This Personal is Political piece is part of the new Wales Arts Review ‘Artists in Residence’ line-up series that explores the poem Cumulonimbus by McKeand. Throughout 2017 these artists, including Sophie McKeand will take a leading creative role in what Wales Arts Review publishes, centring their skills on a challenging project over the course of a month. We were inundated with applications, receiving hundreds of emails about the positions, and it was no easy task whittling down all that talent to this final eleven. Our team of six editors debated long into the night, and in the end, we decided on a collection of people who we most want to work with, and whose work excites us. We think you will be excited by them too.
Sophie McKeand is a writer of water and earth, of migration and roots. These threads of poetry are woven throughout McKeand’s life in celebration of the kaleidoscopic forces that make up the unnameable essence of being.
The theme of this residency is The Politics of Authenticity. Much of this exploration, either with the blogs or through poetry, is trying to map how to trust our instincts and listen to our own unique heartbeats. I’m examining how to leap off the railway tracks our society firmly places us on and out into the unknown landscape of Self.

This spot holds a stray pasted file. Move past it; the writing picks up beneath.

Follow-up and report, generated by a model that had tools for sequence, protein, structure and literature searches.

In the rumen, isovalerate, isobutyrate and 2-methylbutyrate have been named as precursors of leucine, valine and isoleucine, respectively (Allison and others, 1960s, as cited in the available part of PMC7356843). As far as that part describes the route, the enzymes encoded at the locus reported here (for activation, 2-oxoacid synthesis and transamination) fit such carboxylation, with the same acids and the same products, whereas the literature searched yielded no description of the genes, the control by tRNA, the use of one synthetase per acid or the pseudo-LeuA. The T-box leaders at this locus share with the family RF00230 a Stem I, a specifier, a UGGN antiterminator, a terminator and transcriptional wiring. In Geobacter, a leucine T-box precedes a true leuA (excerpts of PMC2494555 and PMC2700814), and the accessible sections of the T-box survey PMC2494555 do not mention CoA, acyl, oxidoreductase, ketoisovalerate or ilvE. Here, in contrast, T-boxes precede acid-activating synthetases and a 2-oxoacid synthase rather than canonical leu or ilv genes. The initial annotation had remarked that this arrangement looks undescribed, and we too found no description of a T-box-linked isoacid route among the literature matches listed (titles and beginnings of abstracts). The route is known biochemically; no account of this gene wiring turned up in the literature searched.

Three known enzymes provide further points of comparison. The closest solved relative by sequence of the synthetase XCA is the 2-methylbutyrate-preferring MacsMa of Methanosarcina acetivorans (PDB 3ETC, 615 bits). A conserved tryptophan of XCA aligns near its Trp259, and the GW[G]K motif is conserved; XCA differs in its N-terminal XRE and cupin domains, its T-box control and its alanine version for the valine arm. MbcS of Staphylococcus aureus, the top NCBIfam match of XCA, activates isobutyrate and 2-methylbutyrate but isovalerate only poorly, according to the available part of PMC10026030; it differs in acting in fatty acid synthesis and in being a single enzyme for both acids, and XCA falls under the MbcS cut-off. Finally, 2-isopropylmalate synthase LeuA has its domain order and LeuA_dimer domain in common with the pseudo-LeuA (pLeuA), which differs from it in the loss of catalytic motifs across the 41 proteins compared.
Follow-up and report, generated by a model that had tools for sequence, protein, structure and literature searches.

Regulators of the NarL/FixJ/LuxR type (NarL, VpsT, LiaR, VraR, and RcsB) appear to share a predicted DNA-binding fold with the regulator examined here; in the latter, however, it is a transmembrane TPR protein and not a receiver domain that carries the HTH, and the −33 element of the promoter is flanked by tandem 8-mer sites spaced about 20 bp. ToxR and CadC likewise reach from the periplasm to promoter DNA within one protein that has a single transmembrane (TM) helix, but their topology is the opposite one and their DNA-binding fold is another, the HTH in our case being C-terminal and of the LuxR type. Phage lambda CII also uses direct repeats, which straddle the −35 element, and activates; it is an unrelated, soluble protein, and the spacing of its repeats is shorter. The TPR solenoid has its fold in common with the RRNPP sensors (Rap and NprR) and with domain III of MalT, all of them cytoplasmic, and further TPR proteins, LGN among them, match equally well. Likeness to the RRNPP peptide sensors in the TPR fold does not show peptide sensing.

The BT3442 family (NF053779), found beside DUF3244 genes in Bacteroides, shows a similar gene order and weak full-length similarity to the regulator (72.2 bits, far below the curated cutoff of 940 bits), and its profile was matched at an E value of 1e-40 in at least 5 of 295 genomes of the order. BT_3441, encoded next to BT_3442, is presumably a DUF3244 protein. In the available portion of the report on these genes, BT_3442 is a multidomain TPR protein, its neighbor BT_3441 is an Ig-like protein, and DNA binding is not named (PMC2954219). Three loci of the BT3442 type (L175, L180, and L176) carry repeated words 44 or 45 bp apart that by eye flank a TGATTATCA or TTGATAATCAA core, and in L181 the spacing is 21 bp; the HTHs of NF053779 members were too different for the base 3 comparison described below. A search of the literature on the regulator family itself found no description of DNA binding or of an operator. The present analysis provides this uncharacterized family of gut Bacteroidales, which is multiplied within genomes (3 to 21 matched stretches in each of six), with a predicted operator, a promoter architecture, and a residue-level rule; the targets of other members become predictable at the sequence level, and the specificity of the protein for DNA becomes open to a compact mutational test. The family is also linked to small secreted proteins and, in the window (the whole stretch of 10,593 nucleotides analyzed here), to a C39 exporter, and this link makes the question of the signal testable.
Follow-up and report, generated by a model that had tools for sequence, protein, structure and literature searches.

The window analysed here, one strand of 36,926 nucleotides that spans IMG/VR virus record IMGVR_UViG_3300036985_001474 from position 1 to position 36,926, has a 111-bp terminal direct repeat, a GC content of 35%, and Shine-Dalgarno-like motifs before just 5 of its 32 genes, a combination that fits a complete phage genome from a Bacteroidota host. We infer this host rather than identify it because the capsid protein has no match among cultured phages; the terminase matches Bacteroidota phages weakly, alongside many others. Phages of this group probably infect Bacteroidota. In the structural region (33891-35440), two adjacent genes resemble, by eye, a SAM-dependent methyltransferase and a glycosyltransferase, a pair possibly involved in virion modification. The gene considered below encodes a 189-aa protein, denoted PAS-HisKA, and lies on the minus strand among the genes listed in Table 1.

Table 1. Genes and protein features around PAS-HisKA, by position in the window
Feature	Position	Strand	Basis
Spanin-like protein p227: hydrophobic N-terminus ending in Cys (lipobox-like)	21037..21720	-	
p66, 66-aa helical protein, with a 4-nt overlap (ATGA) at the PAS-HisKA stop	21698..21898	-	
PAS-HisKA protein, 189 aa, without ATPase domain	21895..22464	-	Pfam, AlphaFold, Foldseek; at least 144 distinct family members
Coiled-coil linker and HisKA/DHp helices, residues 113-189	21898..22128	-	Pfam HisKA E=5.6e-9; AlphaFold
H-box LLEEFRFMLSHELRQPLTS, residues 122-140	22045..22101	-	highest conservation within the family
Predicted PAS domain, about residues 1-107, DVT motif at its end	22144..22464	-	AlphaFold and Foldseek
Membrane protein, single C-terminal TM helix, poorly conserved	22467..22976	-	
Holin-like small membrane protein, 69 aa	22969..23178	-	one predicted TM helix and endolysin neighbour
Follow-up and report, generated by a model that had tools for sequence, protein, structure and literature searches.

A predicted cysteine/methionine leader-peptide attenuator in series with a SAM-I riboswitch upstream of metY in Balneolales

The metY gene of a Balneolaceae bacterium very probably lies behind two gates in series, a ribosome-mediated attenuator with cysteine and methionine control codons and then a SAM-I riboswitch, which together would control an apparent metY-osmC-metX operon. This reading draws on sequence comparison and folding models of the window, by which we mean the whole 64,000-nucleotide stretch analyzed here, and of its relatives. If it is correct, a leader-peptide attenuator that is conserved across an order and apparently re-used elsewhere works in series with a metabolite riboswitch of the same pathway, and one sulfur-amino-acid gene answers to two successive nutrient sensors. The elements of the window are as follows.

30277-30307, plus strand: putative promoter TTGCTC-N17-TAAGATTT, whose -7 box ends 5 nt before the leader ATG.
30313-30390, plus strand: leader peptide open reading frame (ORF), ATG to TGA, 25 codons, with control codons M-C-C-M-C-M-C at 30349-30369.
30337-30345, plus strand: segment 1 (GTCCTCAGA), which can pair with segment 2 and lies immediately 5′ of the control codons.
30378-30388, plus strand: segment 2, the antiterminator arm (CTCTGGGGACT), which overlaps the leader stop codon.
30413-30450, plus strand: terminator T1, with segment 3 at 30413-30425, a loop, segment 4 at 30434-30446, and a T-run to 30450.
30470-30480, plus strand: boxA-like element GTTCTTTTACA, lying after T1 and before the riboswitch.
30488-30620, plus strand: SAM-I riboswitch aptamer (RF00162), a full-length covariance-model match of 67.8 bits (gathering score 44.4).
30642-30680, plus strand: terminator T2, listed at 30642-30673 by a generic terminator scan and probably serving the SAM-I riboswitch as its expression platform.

How is this political? The personal is political.
*NOTE* This is a recreation of the poem therefore, the formatting may have slight errors. The correct formatting is to the right.
by Sophie McKeand
We read the word world wrong and say it deceives us.
– Rabindranath Tagore
When the elite men of the world had finishing lecturing
(their last tombstone marked heavy upon the map of the earth’s
gossamer wings) she flapped once
as she did so myriad cities of reason folded – an atlas of
concrete slabs crumpled into soil and vast tenets of intellect
were spewed at an indifferent sky
the Rebel Sun melted the swords these great men had refused to fall upon
(the staunchly defended coastline of their honour long eroded
by relentless waves of criticism)
with no one to tell them how to think the people
diversed like ghosts.
Groping for meaning in the half-life they
eventually congregated as massive cloud formations:
cirrus | altostratus | cumulonimbus | stratocumulus
in this form they heard only the voice of mountains tumbled as rain from
cerulean skies in praise of slopes and crevices and ridges and
finally understood what it is to be
in the presence